5 Key Takeaways For Brand Marketers - Mobile World Congress - Day 2
Post on 12-Jan-2017
5 Key Takeaways For Brand Marketers Mobile World Congress 2016 Day 2
Technology is ever changing We must be wary of overlooking the end user
Image credit: CNET, androidheadlines.com
The phone on the left is Samsungs first mobile phone, circa 1988. The phone on the right is Samsungs latest phone, the S7 Edge announced on Sunday during the now infamous Facebook/VR press conference. There are certainly have been a lot of changes in the those 28 years, and there will be many more to come in the devices we use each and every day.
A key takeaway from todays McCanns Mobile Darwinism sessions, is that as marketers we need to understand we are on a journey through this ever changing tech landscape.
McCann Chief Digital Officer Sean MacDonald talked about how marketers are lovers of the human psyche - we love to learn how people feel, what drives them, their anxieties and fears, their hopes and aspirations. When seeking out to learn more about mobile, people often focus too much on the technology itself and not enough on the individual. We need to dig deep and understand what motivates people when it comes to technology because as it evolves, it is becoming a prosthetic of our personality. 2
Our mobile phone reveals much individual preferencesUnderstand how & why the consumer is using it
Our mobile phone reveals much about us as an individual - mobile phones connect us to ourselves, our interests, passions and priorities. Marketers must understand how individuals are using a phone and at what stage on the customer journey they are and then try to insert themselves in context.
The MRM team talked today during Mobile Darwinism about the need to stop treating mobile as an advertising channel, and instead, use it as a way to offer content and utility at the right time. Marketers should use partners, start-ups, and vendors to start capturing and leveraging mobile data that will help to get to know your consumer and their context so much better right now. A key takeaway from Marina Specht, CEO of MRM/Spain - remember the mobile age is not about what the people we are trying to reach are doing on a phone, it is about how equipped with a phone our capabilities become so much bigger
Many of the devices at MWC will be used by Gen ZAvoid generalizing about this group as with Millennials
Image credit: www.deccanchronicle.com
Many of the devices on show at MWC will be used by an emerging consumer group when they come to market, and that group is the hyper connected Gen Z. Generation Z is wildly different than the millennial group that came before it, children who have grown up with differently wired brains, addicted to access, growing up in their corner of the Internet. They want to portray their authentic, creative selves, stream their lives 24-7 and live in an age where anything goes so long as youre open and transparent about who you are and what you are doing.Take this LG G5 for example not only does it have an accessory slot so that you can remove the battery to always be charged and to allow for always on streaming, but it also allows users to connect a series of accessories including the LG Cam Plus, 360 Cam, 360 VR and Rolling Bot. The phone has infinite creative possibilities. It also has dual cameras, ideal for selfies and broader front facing images. Laura Simpson, Global Director, of Truth Central at McCann WorldGroup advised marketers today that if they wish to connect with an emergent generation then a deep understanding of this group and how to engage with their own audiences the audiences following their livestreams on their devices - will be key. Avoid the rush to categorize an entire group as we did with Millennials before them.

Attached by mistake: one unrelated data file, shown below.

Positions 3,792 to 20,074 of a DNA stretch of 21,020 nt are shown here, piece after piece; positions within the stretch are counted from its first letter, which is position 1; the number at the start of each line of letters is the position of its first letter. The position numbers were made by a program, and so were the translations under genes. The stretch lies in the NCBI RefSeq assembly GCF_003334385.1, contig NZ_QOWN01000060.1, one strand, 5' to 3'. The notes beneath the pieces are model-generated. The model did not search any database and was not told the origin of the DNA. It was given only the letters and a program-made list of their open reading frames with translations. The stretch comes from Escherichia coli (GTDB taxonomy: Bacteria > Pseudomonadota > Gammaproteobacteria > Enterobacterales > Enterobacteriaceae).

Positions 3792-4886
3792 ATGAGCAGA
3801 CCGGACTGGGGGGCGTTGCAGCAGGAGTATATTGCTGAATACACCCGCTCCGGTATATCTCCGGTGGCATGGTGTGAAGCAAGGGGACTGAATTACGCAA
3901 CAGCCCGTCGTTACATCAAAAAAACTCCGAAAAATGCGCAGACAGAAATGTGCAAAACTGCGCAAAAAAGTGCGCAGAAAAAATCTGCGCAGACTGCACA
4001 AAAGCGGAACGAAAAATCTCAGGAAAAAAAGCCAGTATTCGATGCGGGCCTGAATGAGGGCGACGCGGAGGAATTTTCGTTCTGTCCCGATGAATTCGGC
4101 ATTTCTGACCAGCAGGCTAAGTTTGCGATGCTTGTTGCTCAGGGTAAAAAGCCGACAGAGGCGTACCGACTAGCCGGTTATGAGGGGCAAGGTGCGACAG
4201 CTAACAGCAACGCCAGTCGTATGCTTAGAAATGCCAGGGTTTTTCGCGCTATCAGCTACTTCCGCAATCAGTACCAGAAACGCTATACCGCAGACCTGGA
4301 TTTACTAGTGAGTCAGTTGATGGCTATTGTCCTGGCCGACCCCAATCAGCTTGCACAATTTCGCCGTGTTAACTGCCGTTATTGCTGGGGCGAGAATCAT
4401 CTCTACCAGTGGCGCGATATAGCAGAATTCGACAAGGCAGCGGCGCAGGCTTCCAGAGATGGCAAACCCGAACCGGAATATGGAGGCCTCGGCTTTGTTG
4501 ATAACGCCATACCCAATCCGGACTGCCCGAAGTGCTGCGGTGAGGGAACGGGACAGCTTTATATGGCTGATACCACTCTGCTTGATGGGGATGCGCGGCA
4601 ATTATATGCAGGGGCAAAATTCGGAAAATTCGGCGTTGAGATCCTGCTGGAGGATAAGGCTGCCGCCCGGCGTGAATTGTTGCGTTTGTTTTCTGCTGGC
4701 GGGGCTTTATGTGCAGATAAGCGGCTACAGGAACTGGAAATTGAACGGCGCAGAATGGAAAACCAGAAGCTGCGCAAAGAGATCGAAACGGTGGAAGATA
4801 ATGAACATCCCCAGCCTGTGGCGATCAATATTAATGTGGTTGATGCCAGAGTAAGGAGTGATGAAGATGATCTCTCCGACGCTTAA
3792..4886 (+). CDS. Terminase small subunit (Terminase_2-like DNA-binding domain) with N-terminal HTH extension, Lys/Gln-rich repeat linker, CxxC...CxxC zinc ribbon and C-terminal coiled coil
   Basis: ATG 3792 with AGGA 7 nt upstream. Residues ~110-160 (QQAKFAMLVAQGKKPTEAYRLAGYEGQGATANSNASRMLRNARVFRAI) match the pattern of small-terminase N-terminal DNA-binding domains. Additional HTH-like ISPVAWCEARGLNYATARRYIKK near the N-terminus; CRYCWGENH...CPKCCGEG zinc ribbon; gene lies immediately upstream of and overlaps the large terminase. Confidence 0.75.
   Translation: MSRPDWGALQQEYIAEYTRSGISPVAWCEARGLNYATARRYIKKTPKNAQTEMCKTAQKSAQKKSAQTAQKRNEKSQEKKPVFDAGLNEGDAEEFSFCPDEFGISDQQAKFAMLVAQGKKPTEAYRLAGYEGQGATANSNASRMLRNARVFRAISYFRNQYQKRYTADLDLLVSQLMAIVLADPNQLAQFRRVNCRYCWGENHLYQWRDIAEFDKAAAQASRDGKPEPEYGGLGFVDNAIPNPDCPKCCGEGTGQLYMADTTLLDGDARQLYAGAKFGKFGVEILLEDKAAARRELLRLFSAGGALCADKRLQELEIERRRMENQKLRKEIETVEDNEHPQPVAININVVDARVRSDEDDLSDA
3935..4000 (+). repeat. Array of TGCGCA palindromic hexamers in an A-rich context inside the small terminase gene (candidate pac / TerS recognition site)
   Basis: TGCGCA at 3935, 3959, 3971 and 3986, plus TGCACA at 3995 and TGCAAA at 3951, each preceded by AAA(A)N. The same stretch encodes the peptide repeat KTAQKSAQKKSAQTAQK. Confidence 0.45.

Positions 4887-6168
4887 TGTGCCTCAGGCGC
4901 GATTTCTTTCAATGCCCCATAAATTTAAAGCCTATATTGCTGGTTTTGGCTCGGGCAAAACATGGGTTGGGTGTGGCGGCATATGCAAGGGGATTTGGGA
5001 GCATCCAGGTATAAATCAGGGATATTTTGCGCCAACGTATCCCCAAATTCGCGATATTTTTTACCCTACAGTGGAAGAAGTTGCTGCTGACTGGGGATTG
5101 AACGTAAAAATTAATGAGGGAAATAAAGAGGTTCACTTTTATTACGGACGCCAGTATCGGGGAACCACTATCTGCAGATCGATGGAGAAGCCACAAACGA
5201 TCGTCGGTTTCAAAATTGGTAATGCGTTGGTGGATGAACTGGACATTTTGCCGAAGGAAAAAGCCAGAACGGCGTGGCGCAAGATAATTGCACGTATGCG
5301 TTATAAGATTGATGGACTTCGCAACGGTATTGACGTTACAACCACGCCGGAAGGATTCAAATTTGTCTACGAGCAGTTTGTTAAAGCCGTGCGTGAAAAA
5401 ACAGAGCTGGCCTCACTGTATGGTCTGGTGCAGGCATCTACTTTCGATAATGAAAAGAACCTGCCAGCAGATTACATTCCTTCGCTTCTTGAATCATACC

We all going to have to learn about mobile fasterDont throw out good existing strategic principles
We need better disciplined around the power of small. Less is more. We have to be smart about how we prioritize a direct quote from Pete Blackshaw, Global Head of Digital & Social Media at Nestle. Pete spoke on a panel during McCanns Mobile Darwinism session focused on top priorities on senior marketers minds when it comes to mobile marketing. The panel all agreed that we need to learn and apply mobile thinking faster, in an even faster evolving market place. But this does not mean that the principles of strategy should be thrown away because we are working on a mobile platform. Key stages are still listening, engaging, inspiring and transforming. It is all about the discipline that is applied to that framework. Data is the brand marketers friend, as it can quickly determine what is a good, or a not such a good, decision.
Look to Asia to see rapid mobile evolution Over 70% of e-commerce in China happens on mobile
In February 2015, about 1.29 billion mobile users had been registered in China. Now, 5 million people daily use WeChat to listen the news in the morning, rather than tuning in to the TV. Ellen Hou, Group Managing Director, McCann Worldgroup China talked today about how mobile has transformed China from a culture of conformity and collectivism and has liberated individualism in China, unleashing new possibilities for many different brands, influencers and individuals.
For marketers outside of Asia, looking East to keep an eye on innovation is key. Messaging apps are one example Western apps are following WeChats lead in integrating payment and commerce options into their own platforms. Brands are starting to take note, thinking about how to engage with consumers on messaging platforms, to be able to provide utility and content to a consumer who will expect immediate answers. Asian markets also have faster networks so will be the first ones to bring the potential of 5G to connected devices. Keep your eyes peeled!
ThanksTune in tomorrow for Day 3s recap